How to Make Sure Your Home is Safe to Age in Place
October 11, 2021
Hosted by Ron Roel
Across the country, most older people say they want to “age in place,” living in their current home as long as possible. But the ability to remain in one’s own home and community — safely and independently — often requires modifications in their home as people move from their 60s into their 70s and 80s and beyond. Successful aging in place is best achieved with deliberate planning that includes both older family members and their caregivers, as well as professional experts like Kim Kuester. In today’s episode, Kim, the owner and president of 101 Mobility of Long Island and Queens, talks about one critical piece of aging in place: making sure that your loved ones’ home continues to have the appropriate design features that provide a safe and comfortable environment — particularly to prevent accidents and potentially life-threatening falls. Kim is dedicated to help people find the best accessibility solutions, big or small, to fit their needs. She and her team assess a family’s whole house, starting with getting in and out of the home, and moving from room to room. In today’s conversation, Kim, a Certified Aging-in-Place Specialist, will describe how she works with families to install various home modifications and adaptations, from bathtub cutouts and walk-in showers to wheelchair ramps, stair lifts, elevators, and widening of doorways—any and all means of accessibility. Ultimately, Kim’s goal is to ensure that families have peace of mind that they can age in place safely for as long as they wish to stay in their homes.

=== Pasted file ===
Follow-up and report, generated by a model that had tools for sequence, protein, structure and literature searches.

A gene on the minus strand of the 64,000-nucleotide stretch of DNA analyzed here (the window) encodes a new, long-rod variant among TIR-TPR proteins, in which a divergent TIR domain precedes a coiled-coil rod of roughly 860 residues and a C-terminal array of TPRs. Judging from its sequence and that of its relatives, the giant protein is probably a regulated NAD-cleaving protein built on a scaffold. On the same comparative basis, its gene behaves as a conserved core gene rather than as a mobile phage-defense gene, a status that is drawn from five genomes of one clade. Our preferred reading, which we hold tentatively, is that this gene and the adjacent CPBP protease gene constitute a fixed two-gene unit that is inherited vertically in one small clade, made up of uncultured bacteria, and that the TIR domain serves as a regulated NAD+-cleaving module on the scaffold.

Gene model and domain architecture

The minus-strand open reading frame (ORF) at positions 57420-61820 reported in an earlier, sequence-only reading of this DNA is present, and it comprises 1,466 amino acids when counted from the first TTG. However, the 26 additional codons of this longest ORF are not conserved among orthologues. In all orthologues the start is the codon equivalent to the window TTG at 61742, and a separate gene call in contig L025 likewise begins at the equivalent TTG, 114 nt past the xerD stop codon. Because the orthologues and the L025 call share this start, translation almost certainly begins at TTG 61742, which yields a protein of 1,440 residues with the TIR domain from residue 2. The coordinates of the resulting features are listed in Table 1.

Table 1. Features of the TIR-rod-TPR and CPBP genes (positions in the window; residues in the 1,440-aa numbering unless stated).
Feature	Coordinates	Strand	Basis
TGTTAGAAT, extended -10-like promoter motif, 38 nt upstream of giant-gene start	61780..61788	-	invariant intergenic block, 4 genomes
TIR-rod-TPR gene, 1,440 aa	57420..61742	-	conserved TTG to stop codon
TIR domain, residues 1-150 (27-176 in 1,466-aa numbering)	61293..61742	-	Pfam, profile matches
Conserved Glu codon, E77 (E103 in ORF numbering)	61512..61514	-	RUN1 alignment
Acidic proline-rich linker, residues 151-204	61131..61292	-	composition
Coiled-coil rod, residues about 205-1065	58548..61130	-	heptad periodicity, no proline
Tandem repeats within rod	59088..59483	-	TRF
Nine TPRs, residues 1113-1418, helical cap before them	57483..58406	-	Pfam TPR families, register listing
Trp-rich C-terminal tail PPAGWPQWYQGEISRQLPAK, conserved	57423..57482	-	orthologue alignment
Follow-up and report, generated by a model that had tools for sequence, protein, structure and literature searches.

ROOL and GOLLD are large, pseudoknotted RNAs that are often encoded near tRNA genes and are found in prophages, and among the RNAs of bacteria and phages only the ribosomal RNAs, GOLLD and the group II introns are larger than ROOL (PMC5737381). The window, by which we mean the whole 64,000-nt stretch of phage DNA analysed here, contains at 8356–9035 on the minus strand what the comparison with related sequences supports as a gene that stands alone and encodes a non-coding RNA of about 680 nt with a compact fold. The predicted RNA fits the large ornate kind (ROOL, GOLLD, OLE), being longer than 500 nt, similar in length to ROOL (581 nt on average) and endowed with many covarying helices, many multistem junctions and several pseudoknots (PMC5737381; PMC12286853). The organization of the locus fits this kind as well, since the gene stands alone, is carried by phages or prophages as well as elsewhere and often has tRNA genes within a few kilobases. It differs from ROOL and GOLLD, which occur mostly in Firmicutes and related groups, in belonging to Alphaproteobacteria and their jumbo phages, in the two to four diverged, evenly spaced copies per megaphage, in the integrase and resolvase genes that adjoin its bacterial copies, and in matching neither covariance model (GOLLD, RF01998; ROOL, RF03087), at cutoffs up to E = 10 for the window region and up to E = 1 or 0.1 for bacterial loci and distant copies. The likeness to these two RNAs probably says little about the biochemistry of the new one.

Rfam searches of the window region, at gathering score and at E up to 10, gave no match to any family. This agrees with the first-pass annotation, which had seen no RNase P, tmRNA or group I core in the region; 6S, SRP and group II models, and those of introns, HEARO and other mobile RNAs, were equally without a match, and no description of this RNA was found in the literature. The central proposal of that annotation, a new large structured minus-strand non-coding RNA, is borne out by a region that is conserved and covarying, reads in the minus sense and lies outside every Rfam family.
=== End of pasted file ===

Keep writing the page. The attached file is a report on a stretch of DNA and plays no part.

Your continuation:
Monday at 12 Noon Pacific Time on VoiceAmerica Variety Channel
Thanks to advances in medicine and health, most of us are just at half-life when we reach our mid-40s, with many potentially productive years ahead. But there’s no road map to prepare us for this period. That’s where 45 Forward comes in.
My show provides you with strategies to shift the traditional waiting-for-retirement model to a journey of compelling life chapters. Each show tackles an aspect of health, finance, family and friends, housing, work and personal pursuits as part of an integrated plan. Experts discuss topics like revitalizing relationships, creating mini-retirements, managing the maze of technology, finding your next homestead and caring for aging parents.
The show instills confidence, and hopefully some comfort, amid the stresses permeating today’s society. Fear of the future is not knowing how to prepare for it. 45 Forward does not proffer prefabricated answers, but helps you shape your life amid the daily anxieties of our time.
I’m a veteran journalist who spent a wide-ranging career covering business, politics and social issues, the last two decades focusing on the blend of diverse life skills I call successful aging.
I have written extensively on aging topics, spoken at conferences, radio and TV shows, and launched several entrepreneurial ventures, discovering along the way that the path to aging well also requires an unexpected entrepreneurial vision. I spent 20 years as a writer and editor at Long Island’s daily newspaper, Newsday, helping to found Act 2, a weekly section for 50-plus readers. I created Roelresources.com, a website offering practical advice and inspirational essays for people ages 40 and above. I have been a volunteer and consultant to AARP Long Island, writing articles, advocating for seniors, and developing action plans for the AARP Age-Friendly Communities initiative.
I am active in programs and organizations that support seniors, such as the National Aging In Place Council and the Senior Umbrella Network. I have developed a special expertise in family caregiving, as one of four brothers who took care of their mother for almost 25 years. I regularly collaborate with many professionals who provide services and support for older Americans, and I am completing a book for caregivers on Long Island, “The Caregiving Navigator/How to Plan, What to do, and Where to Turn When Caring for you Aging Loved Ones. And Yourself,” scheduled for publication in early 2021.